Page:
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Appleton's Cyclopedia of American Biography, edited by James Grant Wilson, John Fiske and Stanley L. Klos. Six volumes, New York: D. Appleton and Company, 1887-1889 and 1999. Virtualology.com warns that these 19th Century biographies contain errors and bias. We rely on volunteers to edit the historic biographies on a continual basis. If you would like to edit this biography please submit a rewritten biography in text form . If acceptable, the new biography will be published above the 19th Century Appleton's Cyclopedia Biography citing the volunteer editor





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Joseph Francis

FRANCIS, Joseph, inventor, born in Boston, Massachusetts, 12 March 1801. At eleven years of age he exhibited a fancy boat at a fair, and at the age of eighteen received from the Massachusetts mechanics' institute the first prize for a fast rowboat. He afterward established a boatyard in New York, and was requested by the secretary of the navy to go to Portsmouth navy yard and build wooden lifeboats for the frigate "Santee " and the line-of-battle ship "Alabama." Soon after this he invented a portable boat that could be taken apart, and a method of building boats over a frame or mould with inch square strips of cedar nailed edge to edge, the joining showing neither nail heads or seams, and requiring no calking. These boats, all of which were lifeboats, came into general use. His greatest achievements were in the construction of lifesaving appliances. These consisted of lifeboats, life cars, and surf lifeboats. Of the lifeboats the first that he made was of wood, and was called the "Hydrogen " lifeboat. The interior was fitted with copper air tubes, and the invention proved successful. As a result of later experiments, the use of wood in the construction of his boats quickly gave way to iron, although the use of iron in the manufacture of vessels of any kind was practically unknown at that time. To Mr. Francis may be conceded the first use of iron floating vessels.

Another improvement was added by having the spaces at the bow and stern of the boats made into reservoirs of air, as well as the spaces at the sides, enabling the boat to sustain a great load in the heaviest sea. In 1838 Mr. Francis invented the life car by which to land people safely from a wreck. He began with experiments on wooden lifeboats, and finally, in 1842, invented the corrugated metallic life car, with space for four adults. His first perfect metallic life car was placed on the coast of New Jersey, near Long Branch, in the autumn of 1849, at his own expense, the government refusing to aid him in any way. The boat was not called into use until January 1850, when the British emigrant vessel "Ayrshire" was wrecked on Squan Beach in a violent winter storm. There were 201 persons on board, and 200 were saved by means of the life car. The one loss of life that occurred was that of a man who insisted on attempting to ride through the surf on the outside of the ear, when his family was inside. This car was for a long time preserved in the museum in Central park, New York, but on 10 July 1885, it was deposited, as a relic, in the National museum in Washington.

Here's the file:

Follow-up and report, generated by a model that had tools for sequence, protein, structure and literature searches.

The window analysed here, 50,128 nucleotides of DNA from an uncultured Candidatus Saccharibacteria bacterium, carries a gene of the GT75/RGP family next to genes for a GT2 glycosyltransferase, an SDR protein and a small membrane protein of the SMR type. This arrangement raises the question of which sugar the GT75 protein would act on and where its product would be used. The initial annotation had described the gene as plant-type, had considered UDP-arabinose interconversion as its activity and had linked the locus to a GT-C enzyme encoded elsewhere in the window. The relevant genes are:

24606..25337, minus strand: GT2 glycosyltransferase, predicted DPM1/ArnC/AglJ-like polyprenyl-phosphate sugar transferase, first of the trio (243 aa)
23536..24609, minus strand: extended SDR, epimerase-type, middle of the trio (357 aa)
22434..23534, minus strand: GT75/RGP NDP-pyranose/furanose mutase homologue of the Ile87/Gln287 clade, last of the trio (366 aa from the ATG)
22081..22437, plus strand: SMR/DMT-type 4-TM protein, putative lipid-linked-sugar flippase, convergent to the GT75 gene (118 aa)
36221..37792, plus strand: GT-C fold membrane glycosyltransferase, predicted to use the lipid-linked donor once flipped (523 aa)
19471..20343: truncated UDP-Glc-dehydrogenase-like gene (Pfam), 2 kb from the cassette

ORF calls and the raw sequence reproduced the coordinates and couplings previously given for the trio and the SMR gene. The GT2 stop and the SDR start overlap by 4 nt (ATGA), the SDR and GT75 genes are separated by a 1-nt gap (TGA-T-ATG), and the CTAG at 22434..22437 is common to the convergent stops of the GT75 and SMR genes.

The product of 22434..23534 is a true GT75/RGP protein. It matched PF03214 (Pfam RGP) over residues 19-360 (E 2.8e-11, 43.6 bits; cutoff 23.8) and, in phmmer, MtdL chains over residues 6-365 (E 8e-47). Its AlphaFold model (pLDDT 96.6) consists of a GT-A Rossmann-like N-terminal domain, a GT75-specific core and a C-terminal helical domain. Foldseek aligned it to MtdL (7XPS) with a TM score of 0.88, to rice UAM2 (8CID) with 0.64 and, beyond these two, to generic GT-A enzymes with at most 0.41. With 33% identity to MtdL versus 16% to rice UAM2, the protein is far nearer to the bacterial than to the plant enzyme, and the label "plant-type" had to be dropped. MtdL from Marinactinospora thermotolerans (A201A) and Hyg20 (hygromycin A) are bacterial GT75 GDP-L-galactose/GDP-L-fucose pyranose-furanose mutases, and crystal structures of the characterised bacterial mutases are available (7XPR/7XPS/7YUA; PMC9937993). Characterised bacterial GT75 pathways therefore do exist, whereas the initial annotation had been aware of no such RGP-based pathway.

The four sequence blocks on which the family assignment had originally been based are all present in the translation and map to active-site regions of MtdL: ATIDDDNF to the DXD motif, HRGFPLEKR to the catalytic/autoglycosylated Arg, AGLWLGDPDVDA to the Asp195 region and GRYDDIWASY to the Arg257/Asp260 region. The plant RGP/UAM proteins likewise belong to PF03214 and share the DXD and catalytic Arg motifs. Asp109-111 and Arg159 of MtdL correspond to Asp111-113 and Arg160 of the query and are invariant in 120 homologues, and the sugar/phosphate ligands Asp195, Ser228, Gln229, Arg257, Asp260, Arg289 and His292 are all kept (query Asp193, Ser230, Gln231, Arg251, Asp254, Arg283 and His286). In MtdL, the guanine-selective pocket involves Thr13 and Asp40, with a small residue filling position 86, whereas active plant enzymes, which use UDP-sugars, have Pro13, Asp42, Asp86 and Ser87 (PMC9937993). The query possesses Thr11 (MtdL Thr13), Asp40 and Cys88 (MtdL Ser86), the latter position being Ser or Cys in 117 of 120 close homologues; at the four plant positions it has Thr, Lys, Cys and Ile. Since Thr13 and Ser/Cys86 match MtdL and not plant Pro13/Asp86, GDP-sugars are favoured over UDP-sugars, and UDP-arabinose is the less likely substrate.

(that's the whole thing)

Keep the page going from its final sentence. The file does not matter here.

During the first four years of the use of lifeboats (1850'3) they were instrumental in saving 2,150 lives, besides an immense amount of valuable cargo. Mr. Francis's metallic life surfboat, invented in 1845, was designed for riding lightly on the wildest sea. In 1845 Mr. Francis obtained patents in the United States, England, France, Germany, and Russia, for his method of constructing vessels of corrugated sheet metal, and for the machinery by which they were produced. His inventions for the machinery and for the application of the hydraulic press were adjuncts of the greatest importance. He furnished lifeboats built on the principle of the corrugated sheet metal for the Dead Sea and Arctic expeditions, to the war, navy, and treasury departments, and to several European governments. Mr. Francis has extended the application of corrugated metal to the building of steamers, floating docks, harbor buoys, and pontoon wagons, and every civilized country has adopted his inventions.

Among his many other inventions are a military hood made of cloth for the protection of sentinels in a storm, a circular yacht, and a double joint rowlock. He has received numerous medals and decorations from European sovereigns. The order of knighthood of St. Stanislaus, with its medal and diploma, was conferred upon him in 1861, and on 4 February 1856, he received a gold snuffbox, diamond studded, and valued at 17,500 francs, from Napoleon III. He has also received a large number of medals from the American and other institutes, a medal and diploma from the European shipwreck society for all nations, in France in 1842, and a second in England, designated " Benefactor," by the Imperial Royal European society, on 1 July 1842. In addition to these honors from foreign countries, congress, in March 1887, a few hours before its adjournment, passed a joint resolution thanking him for his " lifelong services to humanity and to his country," and authorizing the president to present him with a gold medal. But President Cleveland withheld his signature from the bill until the specified time after the adjournment, and Mr. Francis thus failed to receive the gold medal awarded him. He has written many articles for periodicals, and has published " Lifesaving Appliances" (New York, 1885).

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